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The American Society for Deaf Children

By Megan Fetzer
Sunday, April 5, 2009

The American Society for Deaf Children

The American Society for Deaf Children (ASDC) was founded in 1967, as a parent helping parent network. The ASDC helps families raising children who are deaf or hard-of-hearing. They provide support, information, education and resources to parents and families.

The American Society for Deaf Children has four core values listed at their website:  (

1. "We believe that deaf and hard-of-hearing children are entitled to full communication in their homes, school and community. Language development, respect for the deaf, and access to deaf or hard-of-hearing role models are important to assure optimal, intellectual, social and emotional development."

2. "We believe that consideration of communication opportunities for deaf and hard-of-hearing children should be based on facts. Research consistently demonstrates that fluency in sign language and English offers deaf children (including those with cochlear implants) and hard-of-hearing children optimal opportunities for social and academic success, and thus both should be part of their language-rich environment."

3. "We believe there should be access to identification and intervention by qualified providers, family involvement, and educational opportunities equal to those provided to hearing children. The goal should be to provide children with what they need in order to become self-supporting and fulfilled adults."

4. "We affirm that parents have the right and responsibility to be primary decision-makers and advocates. For this role, parents need education, access to information and support."

The ASDC wants to give deaf and hard-of-hearing children equal opportunities in the hearing world. In order to do this, they provide families with information that will help them help their children.  The ASDC gives out the Lee Katz award, which recognizes extraordinary parents of deaf children who are deaf and hard-of-hearing. Lee Katz was the first president of the International Association of Parents of the Deaf and was an outstanding leader for families of children who are deaf or hard-of-hearing.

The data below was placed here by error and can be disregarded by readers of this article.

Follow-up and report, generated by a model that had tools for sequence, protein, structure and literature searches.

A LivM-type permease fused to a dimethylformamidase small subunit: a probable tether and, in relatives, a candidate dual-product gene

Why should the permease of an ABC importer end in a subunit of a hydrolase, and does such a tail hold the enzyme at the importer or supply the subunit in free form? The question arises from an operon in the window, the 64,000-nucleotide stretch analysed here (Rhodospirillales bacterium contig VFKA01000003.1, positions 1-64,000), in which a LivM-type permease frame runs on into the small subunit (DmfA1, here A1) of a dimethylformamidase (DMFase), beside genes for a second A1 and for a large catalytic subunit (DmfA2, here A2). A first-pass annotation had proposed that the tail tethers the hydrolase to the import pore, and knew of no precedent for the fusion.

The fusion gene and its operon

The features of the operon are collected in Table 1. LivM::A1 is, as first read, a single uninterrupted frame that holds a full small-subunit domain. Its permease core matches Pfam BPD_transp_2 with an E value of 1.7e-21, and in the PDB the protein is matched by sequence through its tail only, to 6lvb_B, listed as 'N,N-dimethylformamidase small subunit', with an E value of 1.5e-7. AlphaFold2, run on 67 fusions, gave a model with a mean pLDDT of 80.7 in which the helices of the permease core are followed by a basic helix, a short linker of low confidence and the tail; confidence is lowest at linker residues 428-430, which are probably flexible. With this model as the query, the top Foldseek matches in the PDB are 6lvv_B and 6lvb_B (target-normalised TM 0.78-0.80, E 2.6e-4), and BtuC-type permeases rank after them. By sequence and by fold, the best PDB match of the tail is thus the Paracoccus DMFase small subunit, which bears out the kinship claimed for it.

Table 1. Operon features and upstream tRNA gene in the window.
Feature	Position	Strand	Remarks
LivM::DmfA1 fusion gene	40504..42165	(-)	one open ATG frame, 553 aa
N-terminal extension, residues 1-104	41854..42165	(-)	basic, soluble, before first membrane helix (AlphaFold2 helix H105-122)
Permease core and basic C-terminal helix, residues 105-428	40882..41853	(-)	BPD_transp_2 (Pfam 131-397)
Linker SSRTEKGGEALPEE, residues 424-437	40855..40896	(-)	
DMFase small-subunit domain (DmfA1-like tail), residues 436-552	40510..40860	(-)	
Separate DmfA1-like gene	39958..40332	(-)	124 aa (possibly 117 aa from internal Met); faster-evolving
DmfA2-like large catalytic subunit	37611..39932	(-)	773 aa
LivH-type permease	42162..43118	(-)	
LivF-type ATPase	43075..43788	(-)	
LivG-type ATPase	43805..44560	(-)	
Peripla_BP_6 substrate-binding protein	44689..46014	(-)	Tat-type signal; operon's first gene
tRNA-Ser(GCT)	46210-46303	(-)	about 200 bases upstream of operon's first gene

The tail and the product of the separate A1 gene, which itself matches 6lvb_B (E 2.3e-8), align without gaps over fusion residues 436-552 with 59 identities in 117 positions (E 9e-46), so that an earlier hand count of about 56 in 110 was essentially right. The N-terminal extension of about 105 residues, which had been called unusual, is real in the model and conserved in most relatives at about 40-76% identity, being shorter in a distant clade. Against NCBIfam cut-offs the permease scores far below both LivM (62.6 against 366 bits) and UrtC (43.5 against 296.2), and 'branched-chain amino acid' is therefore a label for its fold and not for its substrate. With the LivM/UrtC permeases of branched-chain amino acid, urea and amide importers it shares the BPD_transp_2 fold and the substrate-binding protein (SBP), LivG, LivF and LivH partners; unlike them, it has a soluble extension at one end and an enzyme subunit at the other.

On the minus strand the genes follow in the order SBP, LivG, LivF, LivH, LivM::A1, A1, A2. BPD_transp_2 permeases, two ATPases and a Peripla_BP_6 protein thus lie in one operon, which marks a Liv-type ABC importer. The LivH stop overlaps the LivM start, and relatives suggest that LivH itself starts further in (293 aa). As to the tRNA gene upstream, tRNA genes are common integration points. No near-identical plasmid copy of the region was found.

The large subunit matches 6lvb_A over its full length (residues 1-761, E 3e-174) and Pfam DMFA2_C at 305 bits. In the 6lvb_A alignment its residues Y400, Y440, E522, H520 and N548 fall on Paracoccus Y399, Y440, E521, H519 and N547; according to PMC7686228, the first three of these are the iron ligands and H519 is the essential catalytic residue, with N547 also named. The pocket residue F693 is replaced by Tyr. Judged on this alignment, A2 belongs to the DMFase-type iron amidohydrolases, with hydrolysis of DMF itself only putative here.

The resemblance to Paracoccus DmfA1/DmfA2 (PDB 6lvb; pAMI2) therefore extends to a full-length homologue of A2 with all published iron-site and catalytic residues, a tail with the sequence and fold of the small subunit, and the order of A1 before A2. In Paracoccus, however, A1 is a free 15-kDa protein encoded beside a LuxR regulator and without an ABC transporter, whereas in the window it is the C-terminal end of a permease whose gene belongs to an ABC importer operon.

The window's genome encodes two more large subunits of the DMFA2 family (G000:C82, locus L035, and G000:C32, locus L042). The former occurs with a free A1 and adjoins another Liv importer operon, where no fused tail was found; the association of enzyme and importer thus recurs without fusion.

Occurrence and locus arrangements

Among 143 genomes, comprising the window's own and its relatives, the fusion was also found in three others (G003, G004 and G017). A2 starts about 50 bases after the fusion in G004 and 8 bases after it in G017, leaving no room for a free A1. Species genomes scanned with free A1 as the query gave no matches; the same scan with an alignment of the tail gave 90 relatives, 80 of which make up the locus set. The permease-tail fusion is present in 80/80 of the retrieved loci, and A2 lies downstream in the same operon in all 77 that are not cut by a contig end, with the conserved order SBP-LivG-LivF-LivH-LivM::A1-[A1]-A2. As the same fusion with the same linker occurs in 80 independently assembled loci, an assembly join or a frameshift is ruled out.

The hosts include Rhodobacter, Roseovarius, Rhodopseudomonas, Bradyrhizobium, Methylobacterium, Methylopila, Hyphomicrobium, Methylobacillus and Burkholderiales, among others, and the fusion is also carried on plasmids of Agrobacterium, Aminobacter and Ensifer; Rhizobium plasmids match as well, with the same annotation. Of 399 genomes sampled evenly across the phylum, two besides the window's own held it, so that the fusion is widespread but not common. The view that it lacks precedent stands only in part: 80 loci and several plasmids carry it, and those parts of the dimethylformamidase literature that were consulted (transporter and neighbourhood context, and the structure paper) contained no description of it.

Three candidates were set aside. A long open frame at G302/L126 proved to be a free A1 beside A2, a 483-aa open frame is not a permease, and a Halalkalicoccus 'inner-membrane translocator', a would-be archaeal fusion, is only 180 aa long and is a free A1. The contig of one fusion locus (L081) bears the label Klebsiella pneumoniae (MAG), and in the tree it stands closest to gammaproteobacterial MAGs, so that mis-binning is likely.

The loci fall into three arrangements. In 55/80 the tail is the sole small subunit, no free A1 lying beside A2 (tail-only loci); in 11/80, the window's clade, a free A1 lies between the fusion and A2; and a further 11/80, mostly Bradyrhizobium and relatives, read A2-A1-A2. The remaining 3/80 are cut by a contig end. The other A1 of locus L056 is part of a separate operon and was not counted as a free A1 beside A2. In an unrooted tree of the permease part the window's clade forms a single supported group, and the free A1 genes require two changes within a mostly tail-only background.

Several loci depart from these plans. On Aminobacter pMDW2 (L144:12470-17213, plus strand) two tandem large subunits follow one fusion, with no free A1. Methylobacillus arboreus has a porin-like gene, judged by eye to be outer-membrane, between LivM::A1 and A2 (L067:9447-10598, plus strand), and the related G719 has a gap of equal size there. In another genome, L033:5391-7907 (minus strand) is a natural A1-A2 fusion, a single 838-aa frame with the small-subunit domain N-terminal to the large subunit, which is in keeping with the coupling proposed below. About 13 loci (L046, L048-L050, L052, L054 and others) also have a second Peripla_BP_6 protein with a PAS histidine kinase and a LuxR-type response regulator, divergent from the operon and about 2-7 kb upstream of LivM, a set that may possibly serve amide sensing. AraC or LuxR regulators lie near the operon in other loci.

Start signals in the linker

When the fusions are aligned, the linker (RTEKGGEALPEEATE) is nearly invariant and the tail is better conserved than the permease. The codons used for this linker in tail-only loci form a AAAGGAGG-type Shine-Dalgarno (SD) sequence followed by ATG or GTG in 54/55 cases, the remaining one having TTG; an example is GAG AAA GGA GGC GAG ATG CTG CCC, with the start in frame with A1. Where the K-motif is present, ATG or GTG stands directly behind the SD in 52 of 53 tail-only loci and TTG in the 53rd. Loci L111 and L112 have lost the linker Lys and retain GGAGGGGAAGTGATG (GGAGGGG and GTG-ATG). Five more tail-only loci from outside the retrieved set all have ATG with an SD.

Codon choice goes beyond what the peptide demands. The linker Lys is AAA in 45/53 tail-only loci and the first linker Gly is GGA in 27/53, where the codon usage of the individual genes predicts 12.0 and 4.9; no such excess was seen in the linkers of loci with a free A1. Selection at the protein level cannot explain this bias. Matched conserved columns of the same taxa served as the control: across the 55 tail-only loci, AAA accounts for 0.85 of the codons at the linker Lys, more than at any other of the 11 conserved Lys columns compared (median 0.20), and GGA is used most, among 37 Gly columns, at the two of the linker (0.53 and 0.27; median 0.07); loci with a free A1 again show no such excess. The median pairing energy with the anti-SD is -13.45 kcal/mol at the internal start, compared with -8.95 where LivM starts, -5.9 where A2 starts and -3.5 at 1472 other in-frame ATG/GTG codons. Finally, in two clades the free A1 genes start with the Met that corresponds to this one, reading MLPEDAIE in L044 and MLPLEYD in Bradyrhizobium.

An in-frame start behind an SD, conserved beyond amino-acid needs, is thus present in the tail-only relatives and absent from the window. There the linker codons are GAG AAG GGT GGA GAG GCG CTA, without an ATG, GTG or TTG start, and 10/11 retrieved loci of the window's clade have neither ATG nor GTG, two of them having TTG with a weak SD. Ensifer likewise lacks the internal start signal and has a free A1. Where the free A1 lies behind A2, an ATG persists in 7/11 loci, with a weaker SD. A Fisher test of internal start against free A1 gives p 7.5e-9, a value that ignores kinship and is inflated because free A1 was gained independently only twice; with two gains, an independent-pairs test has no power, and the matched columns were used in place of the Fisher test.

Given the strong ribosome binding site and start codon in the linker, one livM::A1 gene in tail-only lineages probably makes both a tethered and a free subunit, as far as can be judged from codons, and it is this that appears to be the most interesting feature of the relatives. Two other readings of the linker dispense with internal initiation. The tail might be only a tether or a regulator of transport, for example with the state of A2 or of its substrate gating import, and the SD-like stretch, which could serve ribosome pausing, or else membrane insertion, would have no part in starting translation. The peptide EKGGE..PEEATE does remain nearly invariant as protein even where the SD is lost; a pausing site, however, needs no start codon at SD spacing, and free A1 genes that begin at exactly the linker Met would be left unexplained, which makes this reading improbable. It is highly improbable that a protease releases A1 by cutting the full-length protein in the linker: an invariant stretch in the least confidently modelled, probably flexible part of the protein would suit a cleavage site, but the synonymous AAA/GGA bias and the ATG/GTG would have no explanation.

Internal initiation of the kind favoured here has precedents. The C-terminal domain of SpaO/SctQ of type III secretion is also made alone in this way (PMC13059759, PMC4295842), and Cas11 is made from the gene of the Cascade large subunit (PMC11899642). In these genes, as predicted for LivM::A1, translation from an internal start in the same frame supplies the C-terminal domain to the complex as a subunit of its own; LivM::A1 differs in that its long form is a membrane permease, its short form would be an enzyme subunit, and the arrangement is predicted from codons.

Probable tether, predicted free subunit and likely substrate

The ASDC website provides an abundant amount of information and support to families. They provide resources with a list of articles that parents can read to help them become informed about helping and educating their deaf or hard-of-hearing child. One article I read, titled Communication Options provided parents with communication methods to use with their deaf or hard-of-hearing child. The article includes communication methods such as American Sign Language (ASL), cued speech, oral communication, signed English and total communication, just to name a few. This is a good article for parents to read if they need support and information on which mode of communication will best fit their child.

There are many opportunities for children who are deaf of hard-of-hearing and their families to participate in activities in their community. In July - Leadership Opportunities for teens age 15-18 who are deaf or hard of hearing and use spoken language to be role models and leaders in their community, at a three day program. In my opinion, this program sounds like a great opportunity for teens who are deaf or hard-of-hearing to gain confidence in themselves and show their peers they can be leaders and role models just like any other person without a disability. Another newsworthy event: I think it is awesome that a deaf man and his mother are racing on the television show the Amazing Race, right now. This is just one example of a young adult who is deaf and is showing the world, you can accomplish any goal or dream you want if you put your mind to it. What a great role model for other young people who are deaf or hard-of-hearing. It touched my heart on the first episode when this team came to the finish line and the host used ASL to say "you are team number..."

Contact the ASDC:
3820 Hartzdale DriveCamp Hill, PA 17011
Hotline: 1 800 942-2732
Their website is at:

1. The American Society for Deaf Children
2. The Amazing Race

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